Women in Technology founder gives top tips for women to succeed in IT careers
Less than one in five professional technology jobs in the UK are filled by women
Women should make the most of recruiters' desperation to improve their gender balance
Network, find a sponsor to help you get promoted and speak publicly to raise profile
If you call your office IT department, find someone to develop your website or browse in a computer store, chances are you’ll be dealing with a man.
So where are all the women? In the UK, women make up just 18% of the IT professional workforce, according to e-Skills, the sector skills council.
Maggie Berry, founder of recruitment and career development agency Women in Technology, says employers are crying out for more women in their technology teams.
Yet a survey of women in working in technology published by her organization in 2011 found many felt they hit a glass ceiling and were being passed over for promotion in favor of male colleagues.
Almost two-thirds of respondents had more than 10 years experience in the technology sector, yet only 26% have reached senior management or board level.
So, how can women break into the best technology jobs and keep rising through the ranks?
Here, Berry gives her top tips for women to make it to the top in technology.
1. Get out there
Technology recruiters would love to take on more women, but can’t do so if they don’t see your CV, says Berry. So be more speculative and apply for jobs that stretch you a bit.
“Women will look at a job specification and feel they have to be able to do 100% before they apply,” said Berry. “Men are much more speculative and will apply even if they can’t do it all.
“Women need to grasp the interest and be more ambitious in putting themselves forward for jobs or for promotion.”
Almost 90% of the respondents to the Women in Technology survey said they would need to fulfill three-quarters of the job description before applying for a job.
Berry said firms could help by reducing the long list of job requirements in advertisements that could be putting women off applying.
2. Self-promotion is OK
The relatively small number of women working in technology should mean it’s easier for them to build a profile, according to Berry, but in reality the opposite is often true.
“If you look at technology conference lineups, the speakers are almost all men,” said Berry. “Women spend a lot of time keeping their heads down and getting their jobs done.
“Your technical skills might speak for themselves, but to get on you really need to focus on promoting yourself: Speaking at events, taking any opportunity to let people know what you’re doing.”
3. Find a sponsor
A mentor, someone more experienced in your industry, who can advise you on career choices is invaluable, says Berry.
Even better is finding a sponsor – someone within your company who will root for you, promote your work and push you for promotion.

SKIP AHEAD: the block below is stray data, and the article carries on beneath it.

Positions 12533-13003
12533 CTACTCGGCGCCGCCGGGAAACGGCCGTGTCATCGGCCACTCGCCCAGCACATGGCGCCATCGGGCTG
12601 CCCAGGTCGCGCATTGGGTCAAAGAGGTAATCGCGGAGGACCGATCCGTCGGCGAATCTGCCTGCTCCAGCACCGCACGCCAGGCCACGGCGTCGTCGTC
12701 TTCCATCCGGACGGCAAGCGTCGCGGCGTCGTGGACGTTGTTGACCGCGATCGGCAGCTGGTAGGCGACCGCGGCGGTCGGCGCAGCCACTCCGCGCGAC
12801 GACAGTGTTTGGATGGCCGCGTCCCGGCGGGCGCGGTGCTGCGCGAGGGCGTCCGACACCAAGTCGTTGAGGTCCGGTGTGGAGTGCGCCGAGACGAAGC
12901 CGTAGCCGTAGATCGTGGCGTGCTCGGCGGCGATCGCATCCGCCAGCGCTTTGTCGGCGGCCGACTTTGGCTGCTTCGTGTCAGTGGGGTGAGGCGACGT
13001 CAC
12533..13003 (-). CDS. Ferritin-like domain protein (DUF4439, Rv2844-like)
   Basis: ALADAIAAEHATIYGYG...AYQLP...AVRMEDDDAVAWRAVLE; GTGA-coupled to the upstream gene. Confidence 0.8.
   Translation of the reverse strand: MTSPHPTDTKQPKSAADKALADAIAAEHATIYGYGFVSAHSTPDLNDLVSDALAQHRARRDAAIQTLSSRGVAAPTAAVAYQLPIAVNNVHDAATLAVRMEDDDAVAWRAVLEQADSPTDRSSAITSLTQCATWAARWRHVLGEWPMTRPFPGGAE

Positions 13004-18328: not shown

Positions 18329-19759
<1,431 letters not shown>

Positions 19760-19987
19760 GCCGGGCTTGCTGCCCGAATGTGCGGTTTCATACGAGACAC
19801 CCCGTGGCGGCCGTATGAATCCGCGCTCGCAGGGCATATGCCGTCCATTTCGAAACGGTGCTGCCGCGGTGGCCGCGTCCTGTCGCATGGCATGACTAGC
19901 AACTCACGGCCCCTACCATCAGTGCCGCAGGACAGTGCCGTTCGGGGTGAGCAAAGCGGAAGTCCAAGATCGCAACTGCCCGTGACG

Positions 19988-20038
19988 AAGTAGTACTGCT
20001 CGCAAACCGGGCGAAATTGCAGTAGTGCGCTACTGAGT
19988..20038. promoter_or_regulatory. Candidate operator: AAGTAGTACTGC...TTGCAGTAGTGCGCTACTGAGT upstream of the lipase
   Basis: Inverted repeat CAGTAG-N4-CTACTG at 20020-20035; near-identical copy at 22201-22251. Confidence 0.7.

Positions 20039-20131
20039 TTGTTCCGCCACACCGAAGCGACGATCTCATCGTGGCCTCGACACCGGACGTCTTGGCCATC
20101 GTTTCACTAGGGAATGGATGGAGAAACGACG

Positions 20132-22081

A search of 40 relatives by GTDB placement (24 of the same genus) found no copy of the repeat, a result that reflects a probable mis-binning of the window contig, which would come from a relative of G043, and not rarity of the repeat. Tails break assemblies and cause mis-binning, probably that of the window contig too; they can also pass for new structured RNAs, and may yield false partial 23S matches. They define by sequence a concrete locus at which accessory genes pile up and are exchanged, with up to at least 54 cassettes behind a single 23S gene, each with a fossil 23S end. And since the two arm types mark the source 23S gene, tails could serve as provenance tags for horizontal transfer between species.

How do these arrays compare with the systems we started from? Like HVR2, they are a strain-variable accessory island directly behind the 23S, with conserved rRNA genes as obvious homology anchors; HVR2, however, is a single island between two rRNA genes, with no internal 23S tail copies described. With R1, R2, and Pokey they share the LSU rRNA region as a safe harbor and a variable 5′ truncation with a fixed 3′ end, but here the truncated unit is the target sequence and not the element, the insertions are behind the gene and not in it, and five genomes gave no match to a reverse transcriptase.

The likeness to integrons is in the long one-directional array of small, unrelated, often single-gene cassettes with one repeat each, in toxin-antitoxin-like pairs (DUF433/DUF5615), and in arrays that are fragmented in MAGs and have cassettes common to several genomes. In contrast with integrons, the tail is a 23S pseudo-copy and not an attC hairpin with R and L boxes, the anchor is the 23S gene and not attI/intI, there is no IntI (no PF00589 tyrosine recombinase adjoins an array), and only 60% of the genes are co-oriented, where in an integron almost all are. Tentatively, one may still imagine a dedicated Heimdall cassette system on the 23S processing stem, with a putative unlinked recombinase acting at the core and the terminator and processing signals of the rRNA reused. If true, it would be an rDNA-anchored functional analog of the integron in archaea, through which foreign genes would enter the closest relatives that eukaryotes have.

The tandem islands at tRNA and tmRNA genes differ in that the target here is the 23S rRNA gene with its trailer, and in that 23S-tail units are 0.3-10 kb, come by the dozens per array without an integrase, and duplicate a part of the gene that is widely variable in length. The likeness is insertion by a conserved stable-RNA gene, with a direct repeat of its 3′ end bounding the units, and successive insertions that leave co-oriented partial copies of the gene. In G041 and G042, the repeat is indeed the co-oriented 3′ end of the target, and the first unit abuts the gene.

Berry said: “Women tend to be good at finding mentors, but not so many have sponsors, who will speak up for them and actively work to progress their careers.
“Women can feel quite isolated as they might be the only female in their department or team, so it is very powerful to have people looking out for you.”
Among the responses given in the Women in Technology survey was that more female mentors and role models were needed in schools and universities to encourage more girls into IT.
4. Get networking
And no, we’re not talking about computer networks. The more people you know in your sector, the more people you can call on for help when you need it.
“Networking is something you need to do right from the start of your career. It should be part and parcel of your professional life,” said Berry. “You could join a professional body, a specific network for your specialism or something locally where you live.
“You need as many people as you can to call on for advice.”
5. Don’t act like a man
Women who responded to the survey were almost equally divided on whether they felt showing male characteristics helped them at work.
“I would like to think women can progress without having to act like one of the boys. Whatever the culture of a workplace, it’s important to be authentic to yourself.”
The majority of respondents said that other women see working in technology as ‘geeky’. While many said that they do not mind being labeled as geeks, they fear the nerdy image needs to change to attract more young women into the industry.
6. Keep in touch if you have a career break
The technology industries lose a huge number of talented women who find it hard to get back in after a career break with children, says Berry.
“Technology is changing so quickly with new releases and new software, so it’s really important to keep your skills up to date.
“There are no easy answers, and it’s a big problem for the industry. I would like to see employers running ‘return to work’ schemes to help women get their skills back up to date after a career break.
“It would help them harvest that talent and would help everyone, but it needs investment.”
One comment from Berry’s survey may ring true for many women with children: “The male bosses had no sympathy or understanding towards working mothers.”